Frisco, Texas Therapists
Find a therapist in Frisco, Texas that meets your needs. Browse our comprehensive list of affordable and licensed therapists in Frisco to find a professional specializing in counseling people with stress, anxiety, depression, relationship issues, grief, and more.
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Mental Health in Frisco Texas
The suburbs, rural areas, and big cities all have one thing in common – people who want or need the help and guidance of a trained mental health professional. Frisco Texas is no different as its residents deal with the same issues as anywhere else in the country. The good news is Frisco, a northern suburb of Dallas and the Dallas/Fort Worth metroplex offers a high number of mental health resources.
With a host of retail, commercial, and sporting venues to attend, there’s never any shortage of things to do in this mostly affluent area of Texas. Voted as the best place to live in 2018, Frisco is a rapidly growing city 30 minutes north of Dallas, TX. it boasts one of the most respected public school districts in the nation, having more than 70 campuses and a graduation rate of over 98%.
Mental Health Statistics for Frisco
Having a sense of well-being and having most, if not all of your basic needs met are but two of the hallmarks of being on the path to mental health. However, modern-day stressors still exist, even in an idyllic place like Frisco. Depression and anxiety account for 16% and 17% of mental health cases in Collin and Denton counties, respectively.
Because Frisco is located in both Collin and Denton counties, services may vary depending on which part of the city you live. Though similar, Collin County reports a provider-to-resident ratio of 1,086:1 while Denton County reports a ratio of 1,088:1; slightly higher than the Texas benchmark of 1,034:1. However, local area healthcare providers know they can do better and have mental health listed at number two of public health issues they are committed to improving. Planners know it’s possible as the state’s lowest provider-to-resident ratio is at 386:1.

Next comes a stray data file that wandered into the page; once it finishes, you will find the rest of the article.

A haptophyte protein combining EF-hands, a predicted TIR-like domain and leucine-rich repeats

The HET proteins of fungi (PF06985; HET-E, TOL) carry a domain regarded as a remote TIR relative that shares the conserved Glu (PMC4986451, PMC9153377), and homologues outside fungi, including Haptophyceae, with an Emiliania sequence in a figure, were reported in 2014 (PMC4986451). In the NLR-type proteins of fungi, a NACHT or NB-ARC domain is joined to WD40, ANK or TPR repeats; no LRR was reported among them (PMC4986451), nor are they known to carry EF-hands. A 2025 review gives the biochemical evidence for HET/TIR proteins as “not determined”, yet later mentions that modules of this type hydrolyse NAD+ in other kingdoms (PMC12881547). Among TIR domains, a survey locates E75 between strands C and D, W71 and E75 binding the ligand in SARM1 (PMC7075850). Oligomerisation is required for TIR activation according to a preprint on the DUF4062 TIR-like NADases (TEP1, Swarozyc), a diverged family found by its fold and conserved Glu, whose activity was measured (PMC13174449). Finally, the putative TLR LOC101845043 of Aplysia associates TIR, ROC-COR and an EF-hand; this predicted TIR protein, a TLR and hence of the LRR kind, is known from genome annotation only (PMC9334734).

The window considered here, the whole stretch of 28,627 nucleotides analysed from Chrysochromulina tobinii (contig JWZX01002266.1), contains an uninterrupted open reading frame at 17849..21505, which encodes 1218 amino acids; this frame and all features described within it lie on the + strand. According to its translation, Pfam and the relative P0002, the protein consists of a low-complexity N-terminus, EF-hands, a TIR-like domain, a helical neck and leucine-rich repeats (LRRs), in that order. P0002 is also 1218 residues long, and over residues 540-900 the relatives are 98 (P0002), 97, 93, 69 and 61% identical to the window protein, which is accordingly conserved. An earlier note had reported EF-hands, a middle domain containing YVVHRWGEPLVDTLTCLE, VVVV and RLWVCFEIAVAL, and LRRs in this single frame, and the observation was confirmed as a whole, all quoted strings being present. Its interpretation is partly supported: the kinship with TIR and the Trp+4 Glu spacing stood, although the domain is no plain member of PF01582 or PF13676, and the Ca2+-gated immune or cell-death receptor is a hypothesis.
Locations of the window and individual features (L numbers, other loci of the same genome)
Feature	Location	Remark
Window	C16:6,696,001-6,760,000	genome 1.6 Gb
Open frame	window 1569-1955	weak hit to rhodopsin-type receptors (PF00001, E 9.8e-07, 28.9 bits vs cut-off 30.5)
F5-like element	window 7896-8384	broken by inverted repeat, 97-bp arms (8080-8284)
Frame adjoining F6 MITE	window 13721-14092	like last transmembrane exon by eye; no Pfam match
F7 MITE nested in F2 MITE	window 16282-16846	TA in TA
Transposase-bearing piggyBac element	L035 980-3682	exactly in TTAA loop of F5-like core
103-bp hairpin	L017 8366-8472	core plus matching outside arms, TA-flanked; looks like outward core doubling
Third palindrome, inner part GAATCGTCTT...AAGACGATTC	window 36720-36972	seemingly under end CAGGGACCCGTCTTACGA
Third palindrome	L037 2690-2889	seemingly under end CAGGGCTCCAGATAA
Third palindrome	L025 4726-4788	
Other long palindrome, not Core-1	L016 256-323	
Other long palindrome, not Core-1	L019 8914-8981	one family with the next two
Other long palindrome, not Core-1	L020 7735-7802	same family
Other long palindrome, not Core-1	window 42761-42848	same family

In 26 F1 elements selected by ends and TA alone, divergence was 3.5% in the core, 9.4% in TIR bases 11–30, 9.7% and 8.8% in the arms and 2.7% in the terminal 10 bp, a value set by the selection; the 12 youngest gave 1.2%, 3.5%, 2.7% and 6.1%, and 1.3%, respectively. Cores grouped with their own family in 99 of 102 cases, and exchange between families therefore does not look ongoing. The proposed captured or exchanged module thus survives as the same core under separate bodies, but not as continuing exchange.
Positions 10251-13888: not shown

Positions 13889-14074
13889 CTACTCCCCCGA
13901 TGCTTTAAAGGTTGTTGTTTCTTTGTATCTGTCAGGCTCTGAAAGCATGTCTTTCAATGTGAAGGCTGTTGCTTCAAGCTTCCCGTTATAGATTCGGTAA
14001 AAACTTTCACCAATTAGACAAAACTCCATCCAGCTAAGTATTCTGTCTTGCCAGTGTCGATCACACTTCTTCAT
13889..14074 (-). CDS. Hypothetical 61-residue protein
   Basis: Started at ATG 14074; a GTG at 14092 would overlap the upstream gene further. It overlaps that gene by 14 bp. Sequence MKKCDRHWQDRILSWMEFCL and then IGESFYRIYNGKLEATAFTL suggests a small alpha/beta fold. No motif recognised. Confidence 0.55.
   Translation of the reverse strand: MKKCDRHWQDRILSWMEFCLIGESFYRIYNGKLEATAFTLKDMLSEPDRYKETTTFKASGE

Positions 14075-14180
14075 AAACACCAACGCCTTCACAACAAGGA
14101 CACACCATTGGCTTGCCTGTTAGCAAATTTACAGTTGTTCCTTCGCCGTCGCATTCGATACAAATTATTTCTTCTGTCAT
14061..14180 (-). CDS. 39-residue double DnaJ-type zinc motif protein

Frisco’s Mental Health Differences
Frisco’s residents are susceptible to mental health issues like anyplace else in the country. Factors range from poverty, traffic, and commuting, and a seemingly never-ending cost of living increases, which only add financial stress.
- Numerous studies have established a direct correlation between financial stress and depression, anxiety, and substance use disorders.
- Frisco and the surrounding cities such as Dallas are known for being higher than the statewide average cost of living, with the cost of housing being the biggest stress factor.
- A fair percentage of the population commutes to the Dallas area daily for work, with a commute duration of approximately 30 minutes. Traffic and commute stress has been shown to affect overall mental health.
Divorce Rate in Frisco Texas
Frisco Texas has a relatively low divorce rate. Factors explaining this may include the median age of residents being in the middle 30’s and being college-educated. Nationally, there seems to be a correlation between getting married later in life and having a degree.
The area is also considered more affluent may also be a reason the divorce rates are so low. Alimony and child support may entice couples to seek remedies other than legal. There are also over 180 marriage counselors in the area to help couples cope with their marital issues.
Mental Health Resources in Frisco
There are currently over 400 licensed counselors and mental health therapists in Frisco Texas. That’s more than one professional per 364 people in both Denton and Collin counties. Although Texas is considered to have a shortage of licensed mental health professionals, the number of professionals available in Frisco is well about the national level.
Challenges of Finding a Suitable Therapist in Frisco
With hundreds of mental health professionals easily found on the Internet, it can be hard to decide which one suits you best. Most of these professionals have an online presence with positive reviews on local review sites, making it difficult to distinguish suitability.
Local health providers, health insurance companies, and community organizations often offer a plethora of referrals. The downside is the paperwork you will need to do before you ever have a chance to sit down with a counselor and see if you’re a good fit. Red tape may also seem like an encumbrance, especially if your mental health needs are more urgent.